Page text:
Management of Antipsychotic-Induced Weight Gain


Individuals with schizophrenia are at greater risk for weight gain than the general population. From recent research, it appears that some of the second-generation antipsychotics may be more likely to cause weight gain than others. Recommendations for treatment strategies are provided.

Psychiatric Times

August 2005


Issue 9

Sponsored by CME LLC for 1.5

Category 1 credits.

Original release date 8/05. Approved for CME credit through 7/31/06.

Educational Objectives:

Upon completion of this educational activity, the reader will be familiar with:

  • The epidemiology of obesity and the metabolic syndrome in patients with mental illness.
  • The neurobiology and magnitude of metabolic effects associated with antipsychotics.
  • Evaluating the differential risks associated with atypical antipsychotics.
  • Implementing treatment strategies and medical monitoring to optimize outcomes while minimizing risks.

Who will benefit from reading this article?

Psychiatrists, primary care physicians, neurologists, nurse practitioners, psychiatric nurses and other mental health care professionals. Continuing medical education credit is available for most specialties. To determine if this article meets the CE requirements for your specialty, please contact your state licensing board.

Dr. Narasimhan is the director of the psychopharmacology program in the department of neuropsychiatry and behavioral sciences at the University of South Carolina School of Medicine and serves as consultant to the Department of Mental Health in Columbia, S.C. Dr. Narasimhan has received grant and research support from Bristol-Myers Squibb and Janssen Pharmaceutica Products, L.P. She has been a consultant for Abbott Laboratories and is a member of the speakers' bureau for Pfizer, Inc.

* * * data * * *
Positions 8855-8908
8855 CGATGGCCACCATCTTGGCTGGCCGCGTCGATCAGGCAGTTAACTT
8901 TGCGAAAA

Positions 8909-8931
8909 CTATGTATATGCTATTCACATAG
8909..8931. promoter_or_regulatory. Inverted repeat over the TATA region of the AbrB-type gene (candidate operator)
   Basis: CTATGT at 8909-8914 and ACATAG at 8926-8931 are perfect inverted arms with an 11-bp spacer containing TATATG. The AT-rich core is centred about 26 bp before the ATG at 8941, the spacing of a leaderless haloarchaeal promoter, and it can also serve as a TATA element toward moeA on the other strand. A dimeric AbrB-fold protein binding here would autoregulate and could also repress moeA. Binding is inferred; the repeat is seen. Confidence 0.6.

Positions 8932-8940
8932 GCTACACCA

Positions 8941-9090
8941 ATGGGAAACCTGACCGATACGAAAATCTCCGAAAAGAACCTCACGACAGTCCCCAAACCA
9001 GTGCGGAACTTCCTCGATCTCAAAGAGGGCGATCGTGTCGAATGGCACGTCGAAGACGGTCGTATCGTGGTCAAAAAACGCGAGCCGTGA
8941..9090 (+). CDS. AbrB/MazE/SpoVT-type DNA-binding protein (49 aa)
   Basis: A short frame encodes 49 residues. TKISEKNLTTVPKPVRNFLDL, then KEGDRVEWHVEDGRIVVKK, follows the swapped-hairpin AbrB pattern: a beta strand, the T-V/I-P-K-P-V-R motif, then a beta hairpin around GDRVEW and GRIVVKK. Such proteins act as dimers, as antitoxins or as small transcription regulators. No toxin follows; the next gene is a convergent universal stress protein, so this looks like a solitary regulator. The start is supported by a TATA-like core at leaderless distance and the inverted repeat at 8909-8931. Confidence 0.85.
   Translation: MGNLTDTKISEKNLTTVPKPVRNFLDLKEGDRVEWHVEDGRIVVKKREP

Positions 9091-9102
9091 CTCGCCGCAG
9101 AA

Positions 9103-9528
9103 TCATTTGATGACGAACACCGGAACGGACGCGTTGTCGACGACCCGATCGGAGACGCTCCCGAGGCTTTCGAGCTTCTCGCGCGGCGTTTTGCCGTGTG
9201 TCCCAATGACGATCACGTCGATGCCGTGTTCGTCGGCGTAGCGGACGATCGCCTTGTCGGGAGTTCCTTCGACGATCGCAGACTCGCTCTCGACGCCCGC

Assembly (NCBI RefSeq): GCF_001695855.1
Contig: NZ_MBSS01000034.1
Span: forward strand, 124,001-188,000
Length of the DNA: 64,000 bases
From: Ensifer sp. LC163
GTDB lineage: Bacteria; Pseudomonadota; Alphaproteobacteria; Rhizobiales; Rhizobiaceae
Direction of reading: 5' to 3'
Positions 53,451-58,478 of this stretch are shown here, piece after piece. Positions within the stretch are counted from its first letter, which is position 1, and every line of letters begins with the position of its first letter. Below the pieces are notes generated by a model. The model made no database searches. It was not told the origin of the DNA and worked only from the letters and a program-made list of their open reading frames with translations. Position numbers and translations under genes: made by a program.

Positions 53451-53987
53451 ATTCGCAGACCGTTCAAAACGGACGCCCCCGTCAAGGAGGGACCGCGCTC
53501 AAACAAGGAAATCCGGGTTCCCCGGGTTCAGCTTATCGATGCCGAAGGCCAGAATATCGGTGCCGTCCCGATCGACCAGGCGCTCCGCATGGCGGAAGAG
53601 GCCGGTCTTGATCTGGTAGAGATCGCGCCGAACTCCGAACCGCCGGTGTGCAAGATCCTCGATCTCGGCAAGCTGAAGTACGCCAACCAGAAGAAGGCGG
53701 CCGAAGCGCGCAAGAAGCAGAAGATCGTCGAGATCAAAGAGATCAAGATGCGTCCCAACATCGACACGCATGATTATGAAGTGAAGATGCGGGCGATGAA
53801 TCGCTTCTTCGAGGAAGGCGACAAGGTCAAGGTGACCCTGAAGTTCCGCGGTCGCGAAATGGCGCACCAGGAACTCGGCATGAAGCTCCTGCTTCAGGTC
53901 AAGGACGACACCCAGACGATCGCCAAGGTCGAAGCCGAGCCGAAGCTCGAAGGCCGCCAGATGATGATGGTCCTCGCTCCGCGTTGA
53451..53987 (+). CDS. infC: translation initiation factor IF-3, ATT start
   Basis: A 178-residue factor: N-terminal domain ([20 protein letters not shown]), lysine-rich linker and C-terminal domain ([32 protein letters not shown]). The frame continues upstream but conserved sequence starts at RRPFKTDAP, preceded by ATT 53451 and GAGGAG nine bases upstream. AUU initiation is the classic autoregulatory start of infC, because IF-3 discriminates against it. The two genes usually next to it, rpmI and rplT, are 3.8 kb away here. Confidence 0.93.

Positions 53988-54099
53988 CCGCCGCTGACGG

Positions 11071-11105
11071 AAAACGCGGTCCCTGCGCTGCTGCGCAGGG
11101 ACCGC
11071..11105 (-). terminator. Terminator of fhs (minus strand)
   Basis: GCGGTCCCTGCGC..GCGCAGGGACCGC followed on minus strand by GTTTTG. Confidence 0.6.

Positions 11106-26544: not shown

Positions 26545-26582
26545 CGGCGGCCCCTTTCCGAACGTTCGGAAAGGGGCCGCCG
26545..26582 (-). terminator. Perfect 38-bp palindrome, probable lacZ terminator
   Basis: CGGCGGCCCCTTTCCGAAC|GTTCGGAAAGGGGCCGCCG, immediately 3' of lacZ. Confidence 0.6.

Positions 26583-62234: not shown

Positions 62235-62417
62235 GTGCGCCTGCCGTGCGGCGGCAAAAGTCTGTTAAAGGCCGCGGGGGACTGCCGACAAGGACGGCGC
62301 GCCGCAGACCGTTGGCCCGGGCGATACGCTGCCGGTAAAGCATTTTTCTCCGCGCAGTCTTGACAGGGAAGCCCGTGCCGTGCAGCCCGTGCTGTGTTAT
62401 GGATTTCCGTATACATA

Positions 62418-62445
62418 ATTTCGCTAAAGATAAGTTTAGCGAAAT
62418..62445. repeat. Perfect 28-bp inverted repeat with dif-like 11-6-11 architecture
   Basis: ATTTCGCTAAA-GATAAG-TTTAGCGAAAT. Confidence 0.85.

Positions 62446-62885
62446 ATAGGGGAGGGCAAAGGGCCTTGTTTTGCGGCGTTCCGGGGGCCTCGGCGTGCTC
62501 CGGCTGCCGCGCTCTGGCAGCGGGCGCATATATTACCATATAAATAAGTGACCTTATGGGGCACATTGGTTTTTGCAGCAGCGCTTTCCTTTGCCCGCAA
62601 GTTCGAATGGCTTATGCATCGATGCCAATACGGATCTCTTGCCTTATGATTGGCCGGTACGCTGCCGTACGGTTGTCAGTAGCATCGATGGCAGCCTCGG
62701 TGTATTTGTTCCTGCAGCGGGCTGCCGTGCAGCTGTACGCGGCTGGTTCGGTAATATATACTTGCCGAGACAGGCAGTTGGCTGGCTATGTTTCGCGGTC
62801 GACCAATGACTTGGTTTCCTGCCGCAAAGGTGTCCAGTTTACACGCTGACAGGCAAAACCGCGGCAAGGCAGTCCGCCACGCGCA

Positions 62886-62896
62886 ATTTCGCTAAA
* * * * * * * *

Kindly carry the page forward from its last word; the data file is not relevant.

Dr. Gupta is chairperson of the department of psychiatry at Olean General Hospital in Olean, N.Y. He is clinical professor in the department of psychiatry at the University of Buffalo School of Medicine and Biomedical Sciences and the State University of New York Upstate Medical University. Dr. Gupta has received research grants from Abbott Laboratories; AstraZeneca Pharmaceuticals, L.P.; Eli Lilly and Company; Forest Laboratories, Inc.; GlaxoSmithKline; Johnson & Johnson; Neurochem; and Sanofi-Aventis. He has been a consultant for Eli Lilly; Forest and Shire US, Inc., and a member of the speakers' bureau for Eli Lilly, Forest, GlaxoSmithKline, Shire and Wyeth. He holds stock in Abbott Laboratories and Merck & Company.

Dr. Masand is consulting professor of psychiatry and behavioral sciences at Duke University Medical Center. He has received research and grant support from AstraZeneca Pharmaceuticals, L.P.; Bristol-Myers Squibb; Forest Laboratories, Inc.; GlaxoSmithKline; Janssen Pharmaceutica Products, L.P.; Ortho McNeil Pharmaceuticals; and Wyeth. He is a consultant for Bristol-Myers Squibb; Forest; GlaxoSmithKline; Health Care Technology; Janssen; Jazz Pharmaceuticals; Organon; Pfizer, Inc.; and Wyeth, and is a member of the speakers' bureau for AstraZeneca, Bristol-Myers Squibb, Forest, GlaxoSmithKline, Janssen, Pfizer and Wyeth. He holds stock in psychCME, Inc.

The prevalence of obesity has reached epidemic proportions in the United States. These numbers are on the rise for all ages and ethnic groups. Being overweight or obese can have detrimental effects on both the physical and emotional well-being of an individual and is an immediate risk factor for cardiovascular disease and metabolic syndrome (Fontaine and Barofsky, 2001; Yancy et al., 2002). Epidemiological studies have shown a strong correlation between psychiatric illness and increased risk for cardiovascular and metabolic disease (Zimmet, 2005). Poor outcomes in the mentally ill may be due to direct biological mechanisms, psychotropic medications, lifestyle (e.g., poor dietary habits, smoking, lack of exercise) or inadequate medical care.